Monday, April 28, 2014

Canonization: A Bit Unsettled

Happy Monday to all.

I set my alarm for 3:30 A.M. when I went to bed on Saturday night. I woke up with the alarm and sleepily watched the canonization Mass. For me, Pope John XXIII remains one of the central heroes of my life. He was a man who was supposed to keep the Church in neutral, not push any buttons, and maintain the status quo. Instead, inspired by the Holy Spirit, this simple man ushered in one of the greatest reforms the Church has ever seen. It is because of his actions that I am the Catholic that I am today.

I read with concern today the article published in the National Catholic Reporter by Fr. Thomas Doyle, "Records show that John Paul II could have intervened in abuse crisis - but didn't." I have always felt that the rush to canonize Pope John Pope John Paul II has been just that, a rush. It would seem to me that there needs to be a longer period of reflection before someone is named a saint. Fr. Doyle's article is deeply troubling and makes me even more uneasy about the quickness of the decision for canonization. Anyone else feel that way, or am I totally off base here?

I went to Mass at Notre Dame de Chicago yesterday and was greeted by the breeze blowing through these ribbons; just a wonderful announcement of the resurrection of Christ; lifted my spirits and brought me much joy.


Gotta sing. Gotta pray.


7 comments:

FJH 3rd said...

Sainthood does not mean the Saint never made a mistake. Look at St. Peter!

I do, however, sympathize with your unease over the rush job canonization. Such processes are usually best left intact. At the very least the accelerated schedule leaves the Church vulnerable to such doubts and accusations.

Anonymous said...

I do not agree with you at all. Any human being COULD do a lot of things. His sanctity and cause for sainthood is based on what he DID do, both in his life and as an intercessor from heaven. You have a lot of nerve doubting the wisdom of the church in these matters. Just because somebody CAN write a certain blog doesn't mean he should.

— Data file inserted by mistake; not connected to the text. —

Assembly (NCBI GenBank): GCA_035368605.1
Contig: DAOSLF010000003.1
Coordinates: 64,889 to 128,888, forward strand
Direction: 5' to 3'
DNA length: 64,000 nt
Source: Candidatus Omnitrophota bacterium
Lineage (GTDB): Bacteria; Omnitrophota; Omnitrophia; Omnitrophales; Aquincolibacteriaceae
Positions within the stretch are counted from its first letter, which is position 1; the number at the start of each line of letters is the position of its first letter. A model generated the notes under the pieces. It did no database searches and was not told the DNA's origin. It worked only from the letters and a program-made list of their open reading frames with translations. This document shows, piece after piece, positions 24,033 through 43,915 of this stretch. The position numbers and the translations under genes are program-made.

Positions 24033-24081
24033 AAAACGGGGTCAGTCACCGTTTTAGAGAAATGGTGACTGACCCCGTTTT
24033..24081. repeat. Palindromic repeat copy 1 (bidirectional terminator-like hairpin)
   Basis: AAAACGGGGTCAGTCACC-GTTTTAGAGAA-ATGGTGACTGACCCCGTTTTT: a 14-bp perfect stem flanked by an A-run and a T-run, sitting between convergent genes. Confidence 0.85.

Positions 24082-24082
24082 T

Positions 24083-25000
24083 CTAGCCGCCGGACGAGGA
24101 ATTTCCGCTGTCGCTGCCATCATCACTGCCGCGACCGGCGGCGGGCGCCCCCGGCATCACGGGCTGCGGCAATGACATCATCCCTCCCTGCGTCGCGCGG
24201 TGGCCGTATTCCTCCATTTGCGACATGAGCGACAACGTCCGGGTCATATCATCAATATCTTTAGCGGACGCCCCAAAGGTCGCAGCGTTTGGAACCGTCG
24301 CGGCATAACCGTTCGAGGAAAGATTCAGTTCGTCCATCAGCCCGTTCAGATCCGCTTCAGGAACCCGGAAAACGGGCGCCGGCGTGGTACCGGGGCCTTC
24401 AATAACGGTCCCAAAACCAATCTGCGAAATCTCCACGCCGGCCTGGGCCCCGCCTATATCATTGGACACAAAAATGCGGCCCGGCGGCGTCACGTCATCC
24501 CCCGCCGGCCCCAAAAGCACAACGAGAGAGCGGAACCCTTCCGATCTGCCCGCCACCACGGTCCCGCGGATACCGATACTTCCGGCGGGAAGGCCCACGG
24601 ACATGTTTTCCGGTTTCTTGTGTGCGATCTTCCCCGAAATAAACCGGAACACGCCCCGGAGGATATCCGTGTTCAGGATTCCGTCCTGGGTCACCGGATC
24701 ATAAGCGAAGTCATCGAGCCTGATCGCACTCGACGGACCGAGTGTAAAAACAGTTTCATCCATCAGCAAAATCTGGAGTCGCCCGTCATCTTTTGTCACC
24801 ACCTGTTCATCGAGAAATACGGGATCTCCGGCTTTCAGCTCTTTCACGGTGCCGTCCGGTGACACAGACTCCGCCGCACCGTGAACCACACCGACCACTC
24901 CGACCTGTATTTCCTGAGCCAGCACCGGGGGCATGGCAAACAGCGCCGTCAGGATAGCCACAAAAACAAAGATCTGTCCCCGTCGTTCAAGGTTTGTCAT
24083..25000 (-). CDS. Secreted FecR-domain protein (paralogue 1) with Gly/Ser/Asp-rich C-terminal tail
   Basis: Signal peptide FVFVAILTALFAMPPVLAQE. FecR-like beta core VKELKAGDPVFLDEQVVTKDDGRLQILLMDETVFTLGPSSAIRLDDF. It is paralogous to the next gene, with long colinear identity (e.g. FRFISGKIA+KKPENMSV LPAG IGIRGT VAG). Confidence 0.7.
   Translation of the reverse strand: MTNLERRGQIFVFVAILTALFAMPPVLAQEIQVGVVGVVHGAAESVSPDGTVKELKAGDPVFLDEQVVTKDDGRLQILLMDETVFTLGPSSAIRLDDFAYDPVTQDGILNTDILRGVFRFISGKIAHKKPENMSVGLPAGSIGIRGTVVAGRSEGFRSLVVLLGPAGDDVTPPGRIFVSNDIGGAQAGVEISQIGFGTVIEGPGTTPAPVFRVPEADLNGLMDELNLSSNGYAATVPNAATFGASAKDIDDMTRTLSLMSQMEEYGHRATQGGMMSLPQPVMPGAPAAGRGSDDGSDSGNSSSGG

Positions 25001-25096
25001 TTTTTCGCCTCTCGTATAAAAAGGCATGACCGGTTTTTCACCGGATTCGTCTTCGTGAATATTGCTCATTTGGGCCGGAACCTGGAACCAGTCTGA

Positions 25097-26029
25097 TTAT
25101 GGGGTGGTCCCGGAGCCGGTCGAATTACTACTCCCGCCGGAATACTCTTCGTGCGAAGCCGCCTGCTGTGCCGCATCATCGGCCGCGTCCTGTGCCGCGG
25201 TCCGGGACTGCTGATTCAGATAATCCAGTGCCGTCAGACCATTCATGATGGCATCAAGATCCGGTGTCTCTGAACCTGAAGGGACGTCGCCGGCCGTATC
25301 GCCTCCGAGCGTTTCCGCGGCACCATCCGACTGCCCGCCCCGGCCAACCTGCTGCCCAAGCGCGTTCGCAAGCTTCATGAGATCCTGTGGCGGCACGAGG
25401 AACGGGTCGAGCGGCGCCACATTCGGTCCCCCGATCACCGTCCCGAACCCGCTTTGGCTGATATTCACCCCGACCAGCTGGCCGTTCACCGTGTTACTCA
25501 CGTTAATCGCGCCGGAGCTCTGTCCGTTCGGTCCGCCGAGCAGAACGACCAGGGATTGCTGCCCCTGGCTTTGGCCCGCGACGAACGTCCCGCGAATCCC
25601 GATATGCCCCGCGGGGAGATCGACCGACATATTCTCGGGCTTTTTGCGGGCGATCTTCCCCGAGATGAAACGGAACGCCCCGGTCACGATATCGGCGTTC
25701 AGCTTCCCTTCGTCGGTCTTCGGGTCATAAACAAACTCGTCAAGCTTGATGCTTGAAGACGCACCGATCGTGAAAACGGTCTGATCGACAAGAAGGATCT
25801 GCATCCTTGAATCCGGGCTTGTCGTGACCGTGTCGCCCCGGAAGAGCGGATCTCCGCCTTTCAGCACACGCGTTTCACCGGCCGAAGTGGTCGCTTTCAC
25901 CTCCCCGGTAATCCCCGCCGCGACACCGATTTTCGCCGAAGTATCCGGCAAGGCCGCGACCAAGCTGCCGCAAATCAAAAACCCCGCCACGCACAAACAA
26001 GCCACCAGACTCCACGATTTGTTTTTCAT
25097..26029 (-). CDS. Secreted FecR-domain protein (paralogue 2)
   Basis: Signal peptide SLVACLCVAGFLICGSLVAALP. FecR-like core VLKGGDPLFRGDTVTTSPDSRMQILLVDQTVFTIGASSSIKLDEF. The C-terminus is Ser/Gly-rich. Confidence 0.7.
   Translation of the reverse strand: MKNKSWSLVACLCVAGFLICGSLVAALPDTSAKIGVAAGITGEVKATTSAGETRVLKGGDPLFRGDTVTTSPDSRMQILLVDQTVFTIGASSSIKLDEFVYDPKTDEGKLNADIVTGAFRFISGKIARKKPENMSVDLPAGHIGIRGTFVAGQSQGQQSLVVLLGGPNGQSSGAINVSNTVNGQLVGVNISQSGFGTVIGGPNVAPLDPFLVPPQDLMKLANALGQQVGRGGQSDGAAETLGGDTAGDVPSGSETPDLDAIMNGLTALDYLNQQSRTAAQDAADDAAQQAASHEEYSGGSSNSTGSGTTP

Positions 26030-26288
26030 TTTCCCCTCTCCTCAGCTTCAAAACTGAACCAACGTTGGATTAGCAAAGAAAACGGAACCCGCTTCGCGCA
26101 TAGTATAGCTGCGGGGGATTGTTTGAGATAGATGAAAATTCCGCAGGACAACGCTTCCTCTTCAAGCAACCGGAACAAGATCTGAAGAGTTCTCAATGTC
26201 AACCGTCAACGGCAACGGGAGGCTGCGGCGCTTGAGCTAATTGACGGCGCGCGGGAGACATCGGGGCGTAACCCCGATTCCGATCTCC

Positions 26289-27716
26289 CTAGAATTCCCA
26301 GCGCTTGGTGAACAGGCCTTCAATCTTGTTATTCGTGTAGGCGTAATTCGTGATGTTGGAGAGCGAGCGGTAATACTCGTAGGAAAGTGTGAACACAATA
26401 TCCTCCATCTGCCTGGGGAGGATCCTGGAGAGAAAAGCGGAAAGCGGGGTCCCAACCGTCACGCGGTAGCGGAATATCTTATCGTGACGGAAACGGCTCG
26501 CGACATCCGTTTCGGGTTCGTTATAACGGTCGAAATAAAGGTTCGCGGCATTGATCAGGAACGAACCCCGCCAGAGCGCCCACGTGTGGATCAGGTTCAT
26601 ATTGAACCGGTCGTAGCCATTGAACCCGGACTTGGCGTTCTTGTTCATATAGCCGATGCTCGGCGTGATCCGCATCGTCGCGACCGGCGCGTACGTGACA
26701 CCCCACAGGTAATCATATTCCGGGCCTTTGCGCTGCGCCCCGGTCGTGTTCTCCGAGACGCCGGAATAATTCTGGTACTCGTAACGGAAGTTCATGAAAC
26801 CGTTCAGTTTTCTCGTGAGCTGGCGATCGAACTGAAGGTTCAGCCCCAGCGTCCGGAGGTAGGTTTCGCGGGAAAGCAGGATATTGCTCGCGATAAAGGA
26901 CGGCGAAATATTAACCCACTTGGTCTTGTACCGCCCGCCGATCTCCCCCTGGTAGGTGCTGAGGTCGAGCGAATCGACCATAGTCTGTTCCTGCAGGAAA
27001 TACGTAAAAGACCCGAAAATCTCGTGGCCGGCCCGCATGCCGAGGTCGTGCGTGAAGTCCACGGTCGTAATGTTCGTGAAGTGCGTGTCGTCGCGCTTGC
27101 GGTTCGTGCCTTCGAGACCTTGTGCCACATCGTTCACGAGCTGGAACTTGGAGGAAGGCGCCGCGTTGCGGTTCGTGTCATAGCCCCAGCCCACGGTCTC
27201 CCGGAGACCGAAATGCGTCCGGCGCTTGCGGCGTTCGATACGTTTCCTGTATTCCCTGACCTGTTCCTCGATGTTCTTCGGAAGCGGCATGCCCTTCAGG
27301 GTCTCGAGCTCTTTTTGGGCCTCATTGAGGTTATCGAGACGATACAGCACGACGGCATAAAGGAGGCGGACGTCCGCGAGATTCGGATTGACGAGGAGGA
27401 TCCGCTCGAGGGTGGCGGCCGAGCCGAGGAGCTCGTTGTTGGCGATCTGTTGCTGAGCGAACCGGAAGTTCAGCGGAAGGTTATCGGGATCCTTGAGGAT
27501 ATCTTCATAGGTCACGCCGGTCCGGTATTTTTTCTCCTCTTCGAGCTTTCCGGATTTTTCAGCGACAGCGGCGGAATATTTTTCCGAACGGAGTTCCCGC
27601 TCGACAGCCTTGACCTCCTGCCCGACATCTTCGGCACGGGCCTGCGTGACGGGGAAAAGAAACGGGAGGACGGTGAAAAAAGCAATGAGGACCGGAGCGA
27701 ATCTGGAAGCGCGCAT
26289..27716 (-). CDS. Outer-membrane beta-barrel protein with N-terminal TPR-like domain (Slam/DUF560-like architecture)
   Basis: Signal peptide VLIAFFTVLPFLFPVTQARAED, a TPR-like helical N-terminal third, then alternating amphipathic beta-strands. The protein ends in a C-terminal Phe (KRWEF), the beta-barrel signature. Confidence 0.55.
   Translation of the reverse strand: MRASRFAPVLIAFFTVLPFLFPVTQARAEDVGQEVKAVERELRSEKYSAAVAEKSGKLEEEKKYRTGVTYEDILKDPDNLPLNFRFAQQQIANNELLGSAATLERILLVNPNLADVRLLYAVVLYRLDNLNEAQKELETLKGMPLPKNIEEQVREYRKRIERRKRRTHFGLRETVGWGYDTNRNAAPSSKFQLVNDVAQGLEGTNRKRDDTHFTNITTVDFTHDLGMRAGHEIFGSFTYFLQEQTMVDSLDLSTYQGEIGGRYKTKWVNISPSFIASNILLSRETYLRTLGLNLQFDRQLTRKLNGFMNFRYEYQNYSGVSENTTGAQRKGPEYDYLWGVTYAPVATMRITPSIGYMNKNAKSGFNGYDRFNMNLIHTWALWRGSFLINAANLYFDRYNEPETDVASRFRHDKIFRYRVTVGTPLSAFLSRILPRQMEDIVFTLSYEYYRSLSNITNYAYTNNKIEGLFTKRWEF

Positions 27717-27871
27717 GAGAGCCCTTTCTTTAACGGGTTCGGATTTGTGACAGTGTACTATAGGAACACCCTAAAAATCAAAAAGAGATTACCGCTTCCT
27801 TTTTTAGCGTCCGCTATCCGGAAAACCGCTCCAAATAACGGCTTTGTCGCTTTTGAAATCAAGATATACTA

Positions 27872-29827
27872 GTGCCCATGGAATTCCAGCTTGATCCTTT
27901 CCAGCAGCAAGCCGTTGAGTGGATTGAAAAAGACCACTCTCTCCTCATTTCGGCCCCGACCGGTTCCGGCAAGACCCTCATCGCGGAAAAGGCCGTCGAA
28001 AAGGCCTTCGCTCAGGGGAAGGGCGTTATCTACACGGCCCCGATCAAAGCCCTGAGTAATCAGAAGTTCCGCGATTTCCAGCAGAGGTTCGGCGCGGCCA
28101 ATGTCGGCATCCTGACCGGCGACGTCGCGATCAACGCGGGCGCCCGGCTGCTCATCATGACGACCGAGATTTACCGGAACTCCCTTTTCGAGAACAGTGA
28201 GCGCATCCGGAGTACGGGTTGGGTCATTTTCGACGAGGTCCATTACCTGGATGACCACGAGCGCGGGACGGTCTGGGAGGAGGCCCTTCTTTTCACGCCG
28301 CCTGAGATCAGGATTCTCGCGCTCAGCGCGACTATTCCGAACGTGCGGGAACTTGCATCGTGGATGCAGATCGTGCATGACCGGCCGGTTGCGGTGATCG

Anonymous said...

I agree. Sainthood does not mean he was perfect. He made MANY mistakes. As we ALL do. Perhaps we can seek inspiration in JPII's humility.

Joanne Mercier said...

To Anonymous #1:
And just because some folks, especially one hiding behind anonymity, CAN respond to an honest reflection is such an unChristian manner doesn't mean they SHOULD either.

That being said, I understand where you are coming from, good doctor, but I will defer to the Church's wisdom and due process on this one. What saddened me more was how much "press" was given to one over the other. As one who is old enough to have witnessed and benefited from "Il papa buono" I have to say that were it not for a John XXIII there may not have been a John Paul II.

May both saints pray for us and our Church.

L Grant said...

The Church has always prided itself on taking hundreds of years to do what might have been done in ten. They have said that it was to consider the repercussions from all angles and to avoid making decisions that affect the whole church based on emotion or possibly personal gain. Time clears the mind and opens the eyes to more honestly assess any given premise without personal connections that can veil what is true and forthright. I believe the rush to canonize John XXIII and certainly John Paul II has cast the whole process under a shroud for any future canonizations. And the habit of late of canonizing so many past popes tells me it's more about politics than about sanctity. And to have done away with the Devil's Advocate makes any cause for sainthood suspicious to say the least.

Hawken said...

To those above in anonymity...

You may have misinterpreted Dr. Galipeau's point. Dr. Galipeau never stated that canonization was the incorrect or inappropriate outcome. He simply questioned the length of the process in this instance and welcomed comments, which, I might add, should always be constructive and polite in a forum such as this.

Anonymous said...

The anonymous comments are so telling--don't question the church, follow blindly, never doubt the "wisdom" of the Church! I'm no longer a Catholic because of the sex abuse scandal, the Church's cover up of it, and the Church's refusal to punish those who ruined the lives of children. John Paul II was the pope during this time and could have done quite a bit to stop it--or at least protect more children from being abused. These were not just mistakes, they were crimes. I don't believe the man is worthy of sainthood.